Hacking ESP32 - multiplexing I2C

bastelbausBastelBaus wrote 10/12/2023 at 21:47 • 2 min read • Like

==> Continue reading !

This was a short proof of concept to use the IO_MUX capability of the ESP32 to change online the PINs used for the I2C communication. Basically, the I2C  hardware module can be connected to nearly every pin ofd the ESP32 and this switch can be done on the fly. I was not sure how good this work but a fast breadboard build and software sketch showed that it works like charme! See the picture and the code snippet below. Combining this with this nice hack to use only one SCL or SDA  for multiple devices (link), this could be even more advantagous in several cases and save costs/space for an I2C multiplexer!

Picture of the breadboard setup:

The code snippet running on the ESP32:
// ESP32 S3 Dataseeht (as example)
// Example i2c driver:

#include <Wire.h>
#include "C:\Users\pagantroll\AppData\Local\Arduino15\packages\esp32\hardware\esp32\2.0.12\tools\sdk\esp32c3\include\driver\include\driver\i2c.h"
#include "C:\Users\pagantroll\AppData\Local\Arduino15\packages\esp32\hardware\esp32\2.0.12\tools\sdk\esp32\include\esp_rom\include\esp_rom_gpio.h"

#include <DFRobot_QMC5883.h>
DFRobot_QMC5883 compass(&Wire, QMC5883_ADDRESS );

#define I2C_SDA1 3 
#define I2C_SCL1 4
#define I2C_SDA2 1 
#define I2C_SCL2 2

void activate_I2C_GPIO_a() {
  esp_rom_gpio_connect_out_signal(I2C_SCL2, SIG_GPIO_OUT_IDX, false, false);
  esp_rom_gpio_connect_out_signal(I2C_SDA2, SIG_GPIO_OUT_IDX, false, false);

void activate_I2C_GPIO_b() {
  esp_rom_gpio_connect_out_signal(I2C_SCL1, SIG_GPIO_OUT_IDX, false, false);
  esp_rom_gpio_connect_out_signal(I2C_SDA1, SIG_GPIO_OUT_IDX, false, false);

void readMagSensor() {
  sVector_t mag = compass.readRaw();

void setup() {

  Serial.println("Tesing I2C Multiplexing");
  Wire.begin(I2C_SDA1, I2C_SCL1);

  while (!compass.begin()) {
    Serial.println("Could not find a valid 5883 sensor on first port, check wiring!");
  } Serial.println("First sensor initialized");

  while (!compass.begin()) {
    Serial.println("Could not find a valid 5883 sensor on second port, check wiring!");
  } Serial.println("Second sensor initialized");


void loop() {




P.S.: Also thanks to the ESP forum (link) who gave me very fast advice!

P.S.: Here the results with a common SCL line and only two seperate SDA lines. Works comparable nice :-)



Maarten Pennings wrote 03/04/2024 at 13:29 point

I'm trying to do the same for an SPI slave. I have a device, an SPI master with just two lines (SCLK and MOSI) and I want my ESP32-S3 to sometimes listen to the first and sometimes to the second. I understand high-level what you do, but not enough to apply it myself to SPI slaving.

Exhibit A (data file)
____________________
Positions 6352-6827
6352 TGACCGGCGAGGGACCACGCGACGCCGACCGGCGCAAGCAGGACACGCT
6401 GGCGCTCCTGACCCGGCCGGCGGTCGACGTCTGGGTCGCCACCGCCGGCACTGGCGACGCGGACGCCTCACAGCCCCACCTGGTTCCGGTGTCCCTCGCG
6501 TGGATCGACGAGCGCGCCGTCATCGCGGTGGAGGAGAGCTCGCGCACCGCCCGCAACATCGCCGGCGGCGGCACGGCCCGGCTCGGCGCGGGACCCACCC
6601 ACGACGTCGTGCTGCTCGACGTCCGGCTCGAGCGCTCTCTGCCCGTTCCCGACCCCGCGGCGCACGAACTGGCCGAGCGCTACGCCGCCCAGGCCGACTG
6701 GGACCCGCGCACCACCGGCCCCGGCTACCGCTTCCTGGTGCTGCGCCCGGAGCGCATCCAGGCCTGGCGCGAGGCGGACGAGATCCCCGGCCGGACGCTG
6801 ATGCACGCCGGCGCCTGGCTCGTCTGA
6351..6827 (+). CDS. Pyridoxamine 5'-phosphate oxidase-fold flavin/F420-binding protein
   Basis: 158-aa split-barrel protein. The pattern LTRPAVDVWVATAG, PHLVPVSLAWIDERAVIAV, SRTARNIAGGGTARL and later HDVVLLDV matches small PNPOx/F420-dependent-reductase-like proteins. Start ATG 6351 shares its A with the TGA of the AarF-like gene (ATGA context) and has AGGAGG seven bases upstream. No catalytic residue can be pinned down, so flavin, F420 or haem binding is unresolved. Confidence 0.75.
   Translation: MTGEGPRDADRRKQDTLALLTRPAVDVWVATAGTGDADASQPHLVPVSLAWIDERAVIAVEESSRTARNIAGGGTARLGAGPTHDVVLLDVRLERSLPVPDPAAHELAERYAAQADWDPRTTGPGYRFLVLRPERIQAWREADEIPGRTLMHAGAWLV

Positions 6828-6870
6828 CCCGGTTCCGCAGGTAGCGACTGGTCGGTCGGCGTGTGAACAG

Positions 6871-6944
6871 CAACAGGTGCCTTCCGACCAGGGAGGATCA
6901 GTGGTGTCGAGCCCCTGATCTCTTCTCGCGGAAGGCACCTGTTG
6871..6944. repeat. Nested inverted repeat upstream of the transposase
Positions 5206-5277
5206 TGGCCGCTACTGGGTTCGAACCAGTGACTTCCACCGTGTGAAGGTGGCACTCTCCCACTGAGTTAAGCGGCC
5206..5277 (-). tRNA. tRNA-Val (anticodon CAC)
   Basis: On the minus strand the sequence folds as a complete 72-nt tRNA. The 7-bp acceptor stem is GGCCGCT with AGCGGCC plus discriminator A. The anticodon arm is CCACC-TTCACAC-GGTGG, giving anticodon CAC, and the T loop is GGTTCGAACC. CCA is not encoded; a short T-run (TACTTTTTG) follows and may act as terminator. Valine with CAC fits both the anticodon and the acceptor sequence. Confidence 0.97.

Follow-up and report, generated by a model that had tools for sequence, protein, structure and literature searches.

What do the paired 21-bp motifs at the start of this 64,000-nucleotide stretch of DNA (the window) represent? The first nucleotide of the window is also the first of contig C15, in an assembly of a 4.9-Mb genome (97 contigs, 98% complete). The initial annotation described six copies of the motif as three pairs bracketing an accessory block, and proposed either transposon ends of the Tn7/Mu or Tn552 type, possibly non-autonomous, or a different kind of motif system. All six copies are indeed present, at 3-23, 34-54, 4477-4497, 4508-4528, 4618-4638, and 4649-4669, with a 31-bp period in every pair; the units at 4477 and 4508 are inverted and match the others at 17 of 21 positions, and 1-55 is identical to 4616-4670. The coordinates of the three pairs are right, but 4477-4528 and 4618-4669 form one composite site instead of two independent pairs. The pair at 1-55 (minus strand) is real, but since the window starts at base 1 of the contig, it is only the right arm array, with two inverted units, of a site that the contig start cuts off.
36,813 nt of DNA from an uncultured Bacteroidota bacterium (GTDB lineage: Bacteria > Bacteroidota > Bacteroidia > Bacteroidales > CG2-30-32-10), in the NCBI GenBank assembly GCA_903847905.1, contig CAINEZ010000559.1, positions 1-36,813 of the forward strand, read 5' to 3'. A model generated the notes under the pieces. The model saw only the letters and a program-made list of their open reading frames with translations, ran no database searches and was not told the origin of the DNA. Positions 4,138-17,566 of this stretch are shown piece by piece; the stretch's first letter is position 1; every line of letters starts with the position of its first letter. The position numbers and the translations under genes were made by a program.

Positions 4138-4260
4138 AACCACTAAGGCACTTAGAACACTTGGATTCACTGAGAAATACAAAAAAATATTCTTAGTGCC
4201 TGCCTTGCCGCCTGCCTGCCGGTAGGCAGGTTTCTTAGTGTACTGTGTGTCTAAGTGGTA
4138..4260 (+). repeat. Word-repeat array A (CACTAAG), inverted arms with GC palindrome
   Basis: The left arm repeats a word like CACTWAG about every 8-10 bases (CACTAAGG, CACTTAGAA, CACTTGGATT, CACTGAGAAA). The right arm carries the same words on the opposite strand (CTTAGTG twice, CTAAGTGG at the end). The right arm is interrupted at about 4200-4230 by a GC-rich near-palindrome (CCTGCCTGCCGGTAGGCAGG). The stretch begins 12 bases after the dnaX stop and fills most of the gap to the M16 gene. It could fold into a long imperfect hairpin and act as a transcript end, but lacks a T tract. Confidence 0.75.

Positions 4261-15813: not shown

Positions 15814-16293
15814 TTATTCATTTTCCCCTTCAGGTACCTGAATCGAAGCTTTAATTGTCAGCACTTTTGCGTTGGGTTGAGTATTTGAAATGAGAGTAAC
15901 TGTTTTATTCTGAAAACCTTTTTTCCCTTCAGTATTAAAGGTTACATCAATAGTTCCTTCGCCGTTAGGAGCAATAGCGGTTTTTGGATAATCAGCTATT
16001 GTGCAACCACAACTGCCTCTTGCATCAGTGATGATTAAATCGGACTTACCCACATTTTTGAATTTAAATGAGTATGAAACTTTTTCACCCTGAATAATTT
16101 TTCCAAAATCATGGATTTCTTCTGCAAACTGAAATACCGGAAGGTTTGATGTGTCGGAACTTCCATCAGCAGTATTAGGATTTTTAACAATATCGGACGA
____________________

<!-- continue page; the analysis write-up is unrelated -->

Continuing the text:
#define SPIIN_SCLK_B   35 
#define SPIIN_MOSI_B   36
#define SPIIN_SCLK_A   37
#define SPIIN_MOSI_A   38


void spiin_for_A() {
  esp_rom_gpio_connect_out_signal(SPIIN_SCLK_B, SIG_GPIO_OUT_IDX, false, false);
  esp_rom_gpio_connect_out_signal(SPIIN_MOSI_B, SIG_GPIO_OUT_IDX, false, false);

void spiin_for_B() {
  esp_rom_gpio_connect_out_signal(SPIIN_SCLK_A, SIG_GPIO_OUT_IDX, false, false);
  esp_rom_gpio_connect_out_signal(SPIIN_MOSI_A, SIG_GPIO_OUT_IDX, false, false);

void spiin_init() {
  spiin.begin(SPIIN_BUS, ... , ... , ... , ... ??? );

  ... trigger A and read the messages it masters to us ...

  ... trigger B and read the messages it masters to us ...

Any suggestions how to do this?

  Are you sure? yes | no

BastelBaus wrote 03/04/2024 at 19:02 point

Dear Maarten, SPI is designed to be a single Master mutliple slave setup. You can add additioonal devices by just adding a chip select line per new device and SCK/MISO/MOSI are wired to all devices. You might check out this tutorial for example: (e.g. chapter "Multiple SPI Devices (same bus, different CS pin"). Hope this helps you

BR, BastelBaus

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Maarten Pennings wrote 03/04/2024 at 20:47 point

Hi BastelBaus, thanks for the quick answer, but the communication is reversed to what you suggest. 

The devices (A,B) I hook up to the ESP are SPI _masters_. In my system, the ESP triggers either A or B (forget it, but yes, the first free SPI block in the ESP is used for this), and after a while the triggered device starts mastering a message back to the ESP. I want to use the second SPI block in the ESP to receive from A (when A was triggered) or from B (when B was triggered).

Instead of having an external mux I wanted to used the pinmux internal to the ESP, just like you did :-)

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Rogan Dawes wrote 02/28/2024 at 15:23 point

This should work for UART as well. The ESP32 has 3 UARTs, but if you are like me and need to speak to 5 modbus slaves over RS232, as well as 4 modbus slaves over RS485, as well as acting like a modbus slave over yet another RS485 bus, you start looking for ways to connect more!

So, just like you have done by reinitialising the I2C bus in between each read, do the same with a serial peripheral. Just substitute new RX and TX GPIO's when calling Serial.begin(), and you're golden! This should get you up to 10 or even more hardware-backed UARTs, so long as you can control who talks and when, and it is acceptable to have a little bit of latency between each conversation.

This obviously won't work when the remote end can talk at any moment. For that, you probably want to look at SoftwareSerial, bit-banging the serial protocol using interrupts and timers.

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aeropic wrote 02/28/2024 at 12:49 point

brillant! thanks for this idea.

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